Ignore That Self-Affixed Halo: Anti-Choicers Know Just What They Are Doing to Incite Violence

11:46 am in Uncategorized by RH Reality Check

Immediately after the assassination of Dr. George Tiller in the vestibule of his church in Wichita, Kansas just over two years ago, anti-choice leaders who had long used stridently violent language to describe Dr. Tiller specifically and abortion care generally, fell all over themselves proclaiming innocence of any connection to the murder.  Among these was Troy Newman, current president of Operation Rescue, who stated:

“We are shocked at this morning’s disturbing news that Mr. Tiller was gunned down… Operation Rescue has worked for years through peaceful, legal means, and through the proper channels to see him brought to justice. We denounce vigilantism and the cowardly act that took place this morning.”

But the fact is that Newman and his cohorts regularly used imagery and language that depicted Dr. Tiller himself as a monster and in many ways indirectly if not directly suggested him as a target for someone willing to commit a violent act. That someone turned out to be Scott Roeder, who had, it turns out, several links to Operation Rescue.

And, as the saying goes, a picture is worth a thousand words. Any doubt of Newman’s own gruesome feelings of glee about Dr. Tiller’s murder can be summed up in a photo showing Newman standing at the site of Dr. Tiller’s assassination giving a thumbs up.

Operation Rescue and other anti-choicers have now turned their sights on Dr. LeRoy Carhart, who is providing late abortion care to women in need several times a month in Germantown, Maryland.  During the several hours I spent on three days in Germantown, to help with clinic defense, I saw suggestions of violent action everywhere, courtesy of the anti-choicers marshaled by Operation Rescue and its colleague organizations.

First, for example, there was the truck plastered with photos of what the anti-choicers claim are mangled fetuses.  These photos, whether real or not, are obviously distasteful, and meant to be so. But they are also misleading if not outright fake.  If, for example, a woman is carrying a fetus that has died in utero, and it is removed for her own mental and physical health, it may well look grisly. So would, for example, heart surgery. But the implication without context is that someone is killing near-born babies without reason. Using photos-and science for that matter–that is either created entirely for shock value or so grossly misrepresents reality as to have no relation is a primary strategy of the anti-choice movement.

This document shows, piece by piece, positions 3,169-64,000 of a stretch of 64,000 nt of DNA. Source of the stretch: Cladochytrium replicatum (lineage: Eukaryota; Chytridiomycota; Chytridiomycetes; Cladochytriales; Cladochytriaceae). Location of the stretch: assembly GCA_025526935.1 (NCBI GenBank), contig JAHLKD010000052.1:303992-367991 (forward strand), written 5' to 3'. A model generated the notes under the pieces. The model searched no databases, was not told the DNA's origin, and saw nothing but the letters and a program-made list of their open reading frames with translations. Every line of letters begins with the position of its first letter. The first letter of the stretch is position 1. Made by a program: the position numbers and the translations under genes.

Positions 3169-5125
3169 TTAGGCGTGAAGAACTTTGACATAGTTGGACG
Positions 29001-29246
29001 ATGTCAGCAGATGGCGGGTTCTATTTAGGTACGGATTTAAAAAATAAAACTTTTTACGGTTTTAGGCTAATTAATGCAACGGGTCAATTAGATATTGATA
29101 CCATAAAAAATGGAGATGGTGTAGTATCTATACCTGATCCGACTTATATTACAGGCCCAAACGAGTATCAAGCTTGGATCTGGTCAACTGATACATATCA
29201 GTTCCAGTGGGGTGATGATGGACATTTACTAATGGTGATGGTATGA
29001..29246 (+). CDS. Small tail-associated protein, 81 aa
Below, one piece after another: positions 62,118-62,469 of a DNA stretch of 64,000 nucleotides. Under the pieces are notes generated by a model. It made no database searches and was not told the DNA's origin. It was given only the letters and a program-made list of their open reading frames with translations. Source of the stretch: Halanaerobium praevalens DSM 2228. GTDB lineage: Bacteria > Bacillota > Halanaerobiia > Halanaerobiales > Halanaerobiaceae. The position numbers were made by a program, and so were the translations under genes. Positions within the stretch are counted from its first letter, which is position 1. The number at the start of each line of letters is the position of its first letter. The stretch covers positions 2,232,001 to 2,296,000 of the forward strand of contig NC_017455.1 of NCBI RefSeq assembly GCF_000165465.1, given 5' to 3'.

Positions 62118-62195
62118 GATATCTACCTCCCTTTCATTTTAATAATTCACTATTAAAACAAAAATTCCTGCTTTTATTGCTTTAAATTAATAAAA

But also plastered across this truck, amidst the “dead baby” photos were photos of Dr. Tiller and those of Dr. Carhart. Those of Dr. Tiller pronounced him “dead,” and tho

se of Dr. Carhart had large yellow arrows fixed around the perimeter with the word “Abortionist” in large black block letters, pointing to Dr. Carhart.  The message, if not explicit, is nonetheless clear: “One of these men is dead, the other is still working. Whaddya gonna do about it?”

Then there were the sidewalk chalk drawings, pictured here.

These drawings, which were one version of other drawings that appeared on a different day as well, were drawn out by teenagers “called in” by OR to help out with th protest.

Among these on Sunday were the sayings:

  • Would it bother us more if they used guns?
  • What would Jesus do? (with a gun)
  • Would it bother us if they used guns?

A drawing of an exploding gun as at the bottom of this row of chalk drawings.

Again, these images have two purposes. One is to suggest violence is an answer to something that anti-choicers don’t like, namely, women exercising self-determination in their lives by determining whether and when to have children, taking control over their own reproduction and sexual health, and safeguarding their own and their family’s health when a wanted pregnancy goes horribly awry.

The other is to intimidate those who are protecting women seeking care, and doctors who serve them. What would come to your mind if you walked the street toward your doctor’s office and there were exploding guns sketched on the sidewalk leading up to the office door?

Operation Rescue and other anti-choice groups such as those in Germantown use religion and piety to advance a patriarchal agenda cloaked in religious fervor.

But it is violence by any other name.

American Life League’s Questions on Facebook: They’re Not Asking “What Would Jesus Do”

11:27 am in Uncategorized by RH Reality Check